A Companion to Franklin D. Roosevelt presents a collection of historiographical essays by leading scholars that provides a comprehensive review of the scholarship on the president who led the United States through the tumultuous period from the Great Depression to the waning days of World War II. Represents a state-of-the-art assessment of current scholarship on FDR, the only president elected to four terms of office and the central figure in key events of the first half of the 20th century Covers all aspects of FDR's life and times, from his health, relationships, and Supreme Court packing, to New Deal policies, institutional issues, and international relations Features 35 essays by leading FDR scholars
Brilliant orator, shrewd statesman, modern aristocrat, master reformer. Franklin D. Roosevelt is remembered in many ways and often ranked among the greatest of American presidents, but his legacy has never been considered quite like this: through the lens of his final sixteen months. Incredibly, this little-examined period encompasses the D-Day invasion, the Manhattan Project, the Yalta conference--and the discovery, a little more than three months before he won his fourth term as president, that Roosevelt was suffering from severe hypertension and congestive heart failure. With precision and compassion, Joseph Lelyveld searches the choices Roosevelt made for clues to the president's state of mind as his body entered a steep decline, unveiling how the decisions Roosevelt made in this period, as a wartime leader and in his personal life, illuminate his preoccupations and motives. Haunted by the shadow of Woodrow Wilson's final illness and confronting his own mortality, Roosevelt was operating, in these crucial months, under the belief that the fate of the world rested on his shoulders--while simultaneously pressured on all sides by the demands of family, health, and volatile enemies. Lelyveld delivers an incisive portrait of a famously inscrutable man, an inveterate strategist who tipped his hand to almost no one, full of contradictions but a consummate leader to the very last.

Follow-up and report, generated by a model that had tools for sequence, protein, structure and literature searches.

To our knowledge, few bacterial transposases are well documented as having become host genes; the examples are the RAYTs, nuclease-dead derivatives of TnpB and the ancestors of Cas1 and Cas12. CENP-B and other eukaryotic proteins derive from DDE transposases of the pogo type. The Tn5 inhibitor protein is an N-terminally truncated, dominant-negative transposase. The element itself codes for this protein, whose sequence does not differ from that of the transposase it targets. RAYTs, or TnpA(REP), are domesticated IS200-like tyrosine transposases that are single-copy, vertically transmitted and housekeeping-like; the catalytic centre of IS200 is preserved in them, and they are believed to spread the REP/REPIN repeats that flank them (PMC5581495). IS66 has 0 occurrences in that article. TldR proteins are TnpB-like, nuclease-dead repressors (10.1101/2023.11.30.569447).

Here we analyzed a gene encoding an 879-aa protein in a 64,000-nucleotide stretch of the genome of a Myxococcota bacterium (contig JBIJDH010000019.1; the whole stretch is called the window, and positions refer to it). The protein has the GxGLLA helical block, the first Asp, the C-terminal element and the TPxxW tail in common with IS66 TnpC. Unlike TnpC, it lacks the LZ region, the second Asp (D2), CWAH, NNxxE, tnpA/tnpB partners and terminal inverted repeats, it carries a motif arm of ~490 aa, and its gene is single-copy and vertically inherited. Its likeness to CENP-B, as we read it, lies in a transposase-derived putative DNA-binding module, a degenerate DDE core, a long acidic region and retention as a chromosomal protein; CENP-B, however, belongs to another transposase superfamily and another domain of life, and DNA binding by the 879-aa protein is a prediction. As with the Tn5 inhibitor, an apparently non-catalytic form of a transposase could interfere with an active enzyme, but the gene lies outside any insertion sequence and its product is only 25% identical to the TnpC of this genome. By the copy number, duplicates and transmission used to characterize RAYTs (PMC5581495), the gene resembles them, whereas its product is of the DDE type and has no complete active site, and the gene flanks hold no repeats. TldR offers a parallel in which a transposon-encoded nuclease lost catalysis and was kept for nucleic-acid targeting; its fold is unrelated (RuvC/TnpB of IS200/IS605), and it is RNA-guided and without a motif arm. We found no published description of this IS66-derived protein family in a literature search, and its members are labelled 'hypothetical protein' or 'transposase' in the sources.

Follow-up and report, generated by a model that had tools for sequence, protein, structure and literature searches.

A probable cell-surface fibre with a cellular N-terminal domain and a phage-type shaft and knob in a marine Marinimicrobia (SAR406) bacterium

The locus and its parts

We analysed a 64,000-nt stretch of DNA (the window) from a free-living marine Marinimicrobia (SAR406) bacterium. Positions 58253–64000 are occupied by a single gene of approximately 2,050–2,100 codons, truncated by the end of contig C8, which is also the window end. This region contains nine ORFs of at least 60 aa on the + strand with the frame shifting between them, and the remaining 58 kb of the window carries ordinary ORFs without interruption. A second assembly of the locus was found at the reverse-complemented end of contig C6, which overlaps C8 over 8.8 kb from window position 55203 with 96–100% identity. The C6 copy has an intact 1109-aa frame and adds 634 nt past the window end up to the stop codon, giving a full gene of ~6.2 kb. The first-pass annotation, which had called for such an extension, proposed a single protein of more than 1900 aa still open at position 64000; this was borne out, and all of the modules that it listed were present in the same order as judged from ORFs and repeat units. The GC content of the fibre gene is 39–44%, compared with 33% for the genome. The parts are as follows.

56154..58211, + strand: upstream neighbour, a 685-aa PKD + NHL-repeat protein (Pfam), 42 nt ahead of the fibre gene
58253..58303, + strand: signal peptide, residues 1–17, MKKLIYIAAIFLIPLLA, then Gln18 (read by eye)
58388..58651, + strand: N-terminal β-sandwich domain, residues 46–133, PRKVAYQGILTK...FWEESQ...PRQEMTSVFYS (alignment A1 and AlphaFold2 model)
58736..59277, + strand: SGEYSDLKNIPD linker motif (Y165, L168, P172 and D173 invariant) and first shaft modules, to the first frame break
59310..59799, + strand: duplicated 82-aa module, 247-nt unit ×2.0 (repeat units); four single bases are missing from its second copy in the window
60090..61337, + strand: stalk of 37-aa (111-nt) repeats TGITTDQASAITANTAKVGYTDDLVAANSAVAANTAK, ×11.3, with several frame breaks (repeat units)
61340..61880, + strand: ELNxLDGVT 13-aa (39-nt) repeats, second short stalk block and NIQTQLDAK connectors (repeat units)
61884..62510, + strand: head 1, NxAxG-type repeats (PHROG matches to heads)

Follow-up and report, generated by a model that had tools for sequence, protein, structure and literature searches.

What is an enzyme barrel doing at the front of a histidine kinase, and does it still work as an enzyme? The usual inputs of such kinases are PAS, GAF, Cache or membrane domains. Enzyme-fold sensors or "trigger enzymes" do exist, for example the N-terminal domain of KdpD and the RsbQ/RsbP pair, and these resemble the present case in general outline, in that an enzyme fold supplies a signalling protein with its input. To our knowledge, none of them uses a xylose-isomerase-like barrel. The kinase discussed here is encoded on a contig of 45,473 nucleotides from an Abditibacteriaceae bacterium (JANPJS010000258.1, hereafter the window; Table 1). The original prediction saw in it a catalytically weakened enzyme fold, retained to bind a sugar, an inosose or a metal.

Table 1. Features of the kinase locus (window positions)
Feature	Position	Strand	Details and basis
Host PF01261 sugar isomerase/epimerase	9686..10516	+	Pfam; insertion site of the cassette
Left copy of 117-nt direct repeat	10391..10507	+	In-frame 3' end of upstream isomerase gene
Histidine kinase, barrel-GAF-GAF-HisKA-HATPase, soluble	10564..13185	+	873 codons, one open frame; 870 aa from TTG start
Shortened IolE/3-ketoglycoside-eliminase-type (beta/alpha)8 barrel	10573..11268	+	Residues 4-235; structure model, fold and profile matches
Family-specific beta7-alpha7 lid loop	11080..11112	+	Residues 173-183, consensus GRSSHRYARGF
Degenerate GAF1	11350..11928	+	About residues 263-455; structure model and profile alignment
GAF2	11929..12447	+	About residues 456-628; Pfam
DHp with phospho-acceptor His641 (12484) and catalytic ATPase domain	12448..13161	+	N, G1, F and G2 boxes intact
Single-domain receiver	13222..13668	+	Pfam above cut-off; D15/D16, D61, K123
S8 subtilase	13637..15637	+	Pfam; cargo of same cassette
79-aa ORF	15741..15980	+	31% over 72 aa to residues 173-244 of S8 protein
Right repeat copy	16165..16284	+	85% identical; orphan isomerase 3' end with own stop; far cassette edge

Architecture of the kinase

The first complete collection of the remaining excerpts from the writings of Diodore of Tarsus and Theodore of Mopsuestia together with a ground-breaking study of the controversy regarding the person of Christ that raged from the fourth to the sixth century.